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Opposition winning Slovakia election

world Updated: Jun 13, 2010 11:09 IST
AP
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The center-right opposition has won a parliamentary election in Slovakia, nearly complete results showed on Sunday.

The Statistics Office said the governing left-leaning party of Prime Minister Robert Fico was the clear overall winner with 34.8 per cent of the vote, or 62 seats in the 150-seat Parliament with votes from 5,900 of the 5,929 polling stations counted early Sunday. But three opposition parties could form a ruling coalition with an ethnic Hungarian party with a majority of 79 seats. Fico's junior coalition partner, the ultranationalist Slovak National Party of Jan Slota, received 5.1 per cent or 9 seats. Another coalition member, the party of former authoritarian Premier Vladimir Meciar was below the 5-per cent threshold needed to win parliamentary representation, marking a possible end for a political career of a former leader who led Slovakia into isolation in the 1990s.

The result is a blow for Fico, who has promised to maintain the welfare state in contrast to the budget-cutting being implemented in several other European countries. But he called the result an "absolute success" that gives him a right to get a chance by President Ivan Gasparovic to form a government.

"If we fail, we will respect a right-wing government, and become a tough opposition."

The major opposition Slovak Democratic and Christian Union, whose free-market reforms earned the country NATO and EU membership, was second with 15.4 per cent, or 28 seats.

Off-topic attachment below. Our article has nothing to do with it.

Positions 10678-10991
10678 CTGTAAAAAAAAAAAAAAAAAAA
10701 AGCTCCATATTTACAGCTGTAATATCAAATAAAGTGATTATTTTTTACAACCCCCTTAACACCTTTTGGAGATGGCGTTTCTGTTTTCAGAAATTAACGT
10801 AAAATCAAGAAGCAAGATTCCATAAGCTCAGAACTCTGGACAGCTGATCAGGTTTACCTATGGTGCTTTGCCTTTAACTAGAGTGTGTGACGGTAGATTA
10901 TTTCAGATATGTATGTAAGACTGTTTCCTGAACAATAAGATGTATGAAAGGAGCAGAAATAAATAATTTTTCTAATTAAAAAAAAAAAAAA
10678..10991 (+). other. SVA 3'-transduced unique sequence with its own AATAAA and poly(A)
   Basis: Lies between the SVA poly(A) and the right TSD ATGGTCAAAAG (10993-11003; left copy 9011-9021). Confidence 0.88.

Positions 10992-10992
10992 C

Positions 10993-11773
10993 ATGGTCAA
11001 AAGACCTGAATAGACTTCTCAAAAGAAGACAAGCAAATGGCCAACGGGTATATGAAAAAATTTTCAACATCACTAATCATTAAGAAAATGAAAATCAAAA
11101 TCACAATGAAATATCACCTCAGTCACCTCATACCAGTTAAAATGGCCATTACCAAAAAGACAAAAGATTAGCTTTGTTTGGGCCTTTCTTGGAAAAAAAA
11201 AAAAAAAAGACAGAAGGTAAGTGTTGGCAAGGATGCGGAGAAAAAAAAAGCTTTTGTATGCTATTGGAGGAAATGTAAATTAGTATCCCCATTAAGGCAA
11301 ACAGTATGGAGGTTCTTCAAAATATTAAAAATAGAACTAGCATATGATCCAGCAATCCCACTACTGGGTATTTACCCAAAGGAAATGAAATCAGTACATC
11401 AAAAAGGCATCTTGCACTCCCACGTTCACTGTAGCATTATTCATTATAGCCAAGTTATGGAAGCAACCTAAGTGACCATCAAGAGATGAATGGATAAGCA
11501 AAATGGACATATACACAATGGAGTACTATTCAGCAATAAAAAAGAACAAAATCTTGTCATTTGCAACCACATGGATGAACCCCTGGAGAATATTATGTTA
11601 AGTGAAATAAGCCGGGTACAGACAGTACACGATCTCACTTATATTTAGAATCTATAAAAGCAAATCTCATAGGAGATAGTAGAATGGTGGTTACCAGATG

Iveta Radicova, its election leader, said talks with the other three parties on forming a center-right coalition will start later Sunday. If they succeed, she has a chance to become the first woman in the post of prime minister.

"The citizens of Slovakia have voted for responsibility," Radicova said.

The opposition pledged to improve the business environment, create new jobs, reduce the deficit and fight corruption. Turnout was 58.8 per cent, higher than than the record low of 54.7 per cent four years ago although some parts of the country have been recovering from a flooding and Slovakia has been hit by a wave of hot weather.

Despite the country's ballooning budget deficit, the campaign was dominated by debate over a new Hungarian citizenship law, not the economy.

Slota, who is known for derogatory comments about Hungarians and other Slovak leaders, condemned last month's move by Hungary to make it easier for ethnic Hungarians in neighboring countries, including 520,000 in Slovakia to acquire Hungarian citizenship. Calling dual citizenship a security risk, Slovakia responded with a law allowing authorities to strip Slovak citizenship from those who become Hungarian citizens.

"It's a very bad result for Slovakia," Slota commented. The country, recovering from an economic downturn, has other pressing problems, analysts said.

Since joining the euro zone in 2009, the budget deficit has ballooned.

The country's debt, at 41 per cent of gross domestic product, is still well below the EU's prescribed 60 per cent. But analysts have warned that a new government may not be able to meet the 2010 budget deficit target of 5.5 per cent of GDP. The Association of Economic Analysts predicted this month the deficit could reach 7.4 per cent. The Institute of Economic and Social Studies, a think tank in Bratislava said the major parties have failed to provide concrete plans for necessary austerity measures.

Fico, considered a populist leader, has rejected cutting welfare benefits, as other EU countries, including Britain, have been doing to avert a debt crisis like that of Greece. Instead, he pledged to fight tax evasion and support economic growth.

Fico was a vocal opponent of the U.S.-led war in Iraq and withdrew Slovak troops. He also said he would not allow any part of the Obama administration's revamped U.S. missile shield planned for Europe to be based in Slovakia.